I’d been walking fifteen feet behind her for at least two blocks. I wasn’t sure if I was following her. When I caught a glimpse of her face as I turned onto Shattuck Avenue, I felt as if an invisible rope was pulling me closer to her.
She was wearing a soft leather jacket that didn’t hide her athletic figure. Her black leather boots ended just below her knees. Her hair fell in wavy golden strands, ending a few inches below her shoulders. It crossed my mind that any sane man would want her permission to run his hands through it.
I’d known my share of beautiful women. But I never tried to meet any of them by following them down the street. So, with every step, I thought about how to go about doing something I wouldn’t have considered a good idea before that morning in early February.
I should have been hurrying to Chocolat to pick up a cake for Jackson. Chocolat sold a cake the size of a pizza but made with rich dark chocolate, sweet as victory and smooth as warm butter. Of course, Jackson could have whipped up one for himself, but hell, it was his birthday. He shouldn’t have to bake himself a cake, even though I knew he would. I also knew his cake would taste better.
But none of that was important anymore. There was no doubt I was following the golden hair swaying in front of me, trying out various openings in my mind. None of them seemed quite right. I needed something unusual to happen. Fortunately, it snowed that morning in Berkeley, California.
Many of the inhabitants of this college town had never experienced snow. They were skidding around as if the half-inch covering the ground converted the streets into a skating rink.
Suddenly, her boots slid forward from under her, and she went down hard on her bottom. She instinctively tried to break her fall with her right hand. When someone falls backward, it takes real discipline to implement the logic they can fracture their wrist but not their ass.
When she hit the ground, her purse snapped open, and its contents scattered around her. Fortunately, the snow kept them from going very far.
I rushed over to help her. Though I must admit that if she’d been a burly man rather than a young woman, I probably would have just kept on walking, chuckling discreetly.
Still, once I was sure she was unhurt, I had to stifle a laugh. She’d gone down with a comical thud.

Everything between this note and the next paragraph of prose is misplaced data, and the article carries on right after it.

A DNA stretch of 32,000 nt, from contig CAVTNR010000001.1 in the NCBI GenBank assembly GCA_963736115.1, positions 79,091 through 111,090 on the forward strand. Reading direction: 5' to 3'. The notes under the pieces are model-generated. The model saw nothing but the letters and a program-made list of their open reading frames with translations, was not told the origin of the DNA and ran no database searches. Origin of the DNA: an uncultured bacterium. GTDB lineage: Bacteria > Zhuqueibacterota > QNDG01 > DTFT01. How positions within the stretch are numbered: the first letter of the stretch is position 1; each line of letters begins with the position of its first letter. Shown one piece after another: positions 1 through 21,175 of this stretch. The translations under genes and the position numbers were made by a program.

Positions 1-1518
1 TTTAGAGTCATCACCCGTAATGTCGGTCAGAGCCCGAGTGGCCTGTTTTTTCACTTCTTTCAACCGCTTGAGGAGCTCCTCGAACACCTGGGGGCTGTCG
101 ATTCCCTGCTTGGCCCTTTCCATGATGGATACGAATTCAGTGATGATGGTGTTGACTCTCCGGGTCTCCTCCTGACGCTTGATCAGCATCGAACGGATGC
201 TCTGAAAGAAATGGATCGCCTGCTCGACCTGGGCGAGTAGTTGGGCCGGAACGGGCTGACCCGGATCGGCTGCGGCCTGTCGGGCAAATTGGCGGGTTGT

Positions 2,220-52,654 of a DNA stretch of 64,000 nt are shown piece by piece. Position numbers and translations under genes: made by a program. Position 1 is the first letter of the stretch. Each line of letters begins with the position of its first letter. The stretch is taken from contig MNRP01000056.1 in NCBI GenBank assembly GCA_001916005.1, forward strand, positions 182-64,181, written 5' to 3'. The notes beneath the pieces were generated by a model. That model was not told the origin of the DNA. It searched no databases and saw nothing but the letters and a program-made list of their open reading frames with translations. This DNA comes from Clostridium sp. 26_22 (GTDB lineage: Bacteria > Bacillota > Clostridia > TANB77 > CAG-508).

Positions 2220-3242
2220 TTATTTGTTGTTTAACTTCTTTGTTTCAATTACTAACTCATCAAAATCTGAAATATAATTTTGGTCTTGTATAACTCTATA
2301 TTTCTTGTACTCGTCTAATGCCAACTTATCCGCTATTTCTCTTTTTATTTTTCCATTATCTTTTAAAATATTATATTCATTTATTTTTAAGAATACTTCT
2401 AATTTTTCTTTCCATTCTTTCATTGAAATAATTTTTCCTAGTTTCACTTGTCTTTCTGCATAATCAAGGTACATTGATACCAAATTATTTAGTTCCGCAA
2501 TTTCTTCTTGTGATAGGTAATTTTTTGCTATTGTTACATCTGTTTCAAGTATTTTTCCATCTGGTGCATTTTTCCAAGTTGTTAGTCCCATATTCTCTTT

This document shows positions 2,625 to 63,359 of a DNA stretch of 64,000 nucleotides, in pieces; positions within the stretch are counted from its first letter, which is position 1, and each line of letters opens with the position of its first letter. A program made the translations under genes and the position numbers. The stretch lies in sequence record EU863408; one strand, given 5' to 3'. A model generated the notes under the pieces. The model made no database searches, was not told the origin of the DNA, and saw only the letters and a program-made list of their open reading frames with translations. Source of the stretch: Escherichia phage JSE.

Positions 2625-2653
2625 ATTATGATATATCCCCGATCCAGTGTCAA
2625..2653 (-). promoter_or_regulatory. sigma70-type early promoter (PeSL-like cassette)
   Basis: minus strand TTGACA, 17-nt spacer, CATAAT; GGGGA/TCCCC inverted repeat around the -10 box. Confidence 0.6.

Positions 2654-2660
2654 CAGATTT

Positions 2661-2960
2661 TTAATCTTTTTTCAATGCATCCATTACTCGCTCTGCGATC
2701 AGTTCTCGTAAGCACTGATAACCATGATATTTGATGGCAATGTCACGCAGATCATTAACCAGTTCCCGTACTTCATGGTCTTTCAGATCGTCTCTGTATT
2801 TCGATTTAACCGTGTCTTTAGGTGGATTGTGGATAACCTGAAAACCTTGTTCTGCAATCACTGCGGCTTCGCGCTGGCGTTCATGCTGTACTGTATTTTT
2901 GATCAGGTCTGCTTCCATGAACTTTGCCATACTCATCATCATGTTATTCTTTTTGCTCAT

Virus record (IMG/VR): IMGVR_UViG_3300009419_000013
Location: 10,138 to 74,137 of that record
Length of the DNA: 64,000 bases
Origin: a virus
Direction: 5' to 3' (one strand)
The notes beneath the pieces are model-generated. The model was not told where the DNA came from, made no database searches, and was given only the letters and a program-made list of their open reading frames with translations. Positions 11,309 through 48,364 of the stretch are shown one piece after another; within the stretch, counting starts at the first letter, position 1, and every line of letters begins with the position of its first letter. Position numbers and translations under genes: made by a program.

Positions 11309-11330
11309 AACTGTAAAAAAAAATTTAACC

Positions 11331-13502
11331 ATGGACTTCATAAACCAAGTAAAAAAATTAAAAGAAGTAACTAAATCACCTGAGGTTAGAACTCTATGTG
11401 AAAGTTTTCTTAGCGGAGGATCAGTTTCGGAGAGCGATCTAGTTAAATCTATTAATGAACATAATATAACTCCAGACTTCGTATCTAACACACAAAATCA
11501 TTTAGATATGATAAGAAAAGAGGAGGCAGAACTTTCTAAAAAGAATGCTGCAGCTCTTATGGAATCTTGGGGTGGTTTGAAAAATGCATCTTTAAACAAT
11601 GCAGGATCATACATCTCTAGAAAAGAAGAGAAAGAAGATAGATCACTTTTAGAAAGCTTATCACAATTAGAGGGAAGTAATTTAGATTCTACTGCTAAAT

She looked up at my hands, outstretched to help her. Her large, sea-green eyes were only one feature of the most beautiful face I’d ever seen. Her skin was flawless, a shade of coffee, heavy on the cream.
I waited. Beautiful women aren’t always all they’re cracked up to be. Often, they can be as much of a pain in the ass as falling hard on a slippery sidewalk.
However, I immediately knew that she had much more than her looks. She exuded a wonderful mixture of determination and mild humiliation. While fully appreciating the awkwardness of her situation, she was determined to overcome it with dignity.
“I don’t need help, thank you,” she said.
She tried to rise and promptly fell back in the same spot again.
“Maybe not, but a bit of leverage never hurts,” I said.
“On the other hand,” I continued, nodding at the sidewalk.
A hint of a smile raised the corners of her full mouth. We’re all aware that it happens. But how and why? Was it some pheromone? Was it the way she raised her eyebrows when she gave me that smile? How did I suddenly become convinced that I would give everything I owned, fight hopeless battles, and suffer hardships just to see her smile like that once in a while for years to come?
She took my hands. I helped her to her feet. We both bent down to gather up the contents of her purse.
“Please, really. I don’t need your help,” she said.
I rose quickly.
“Thank you again.”
She turned and began walking away.
“It doesn’t snow much in Brazil, does it?” I said to her back.
She turned around, staring at me with an expression of concern and confusion.
“Why would you say that about Brazil?”
“Well, I’m almost positive your hair is natural, but it’s obvious that you have some Latin blood. You speak English with a mild accent. It’s a Romance language, but it sounds more Russian than Italian or Spanish. Also, there’s a Rio Mardigra symbol dangling from that bracelet on your wrist.”
She tilted her head slightly.
“You’re very observant, aren’t you? Like some Sherlock Helmes detective.”
That’s how she pronounced it: Helmes.
“Did I also mention that a Brazilian Passport fell out of your bag?”
She studied my face with great care as if she were trying to decide something serious.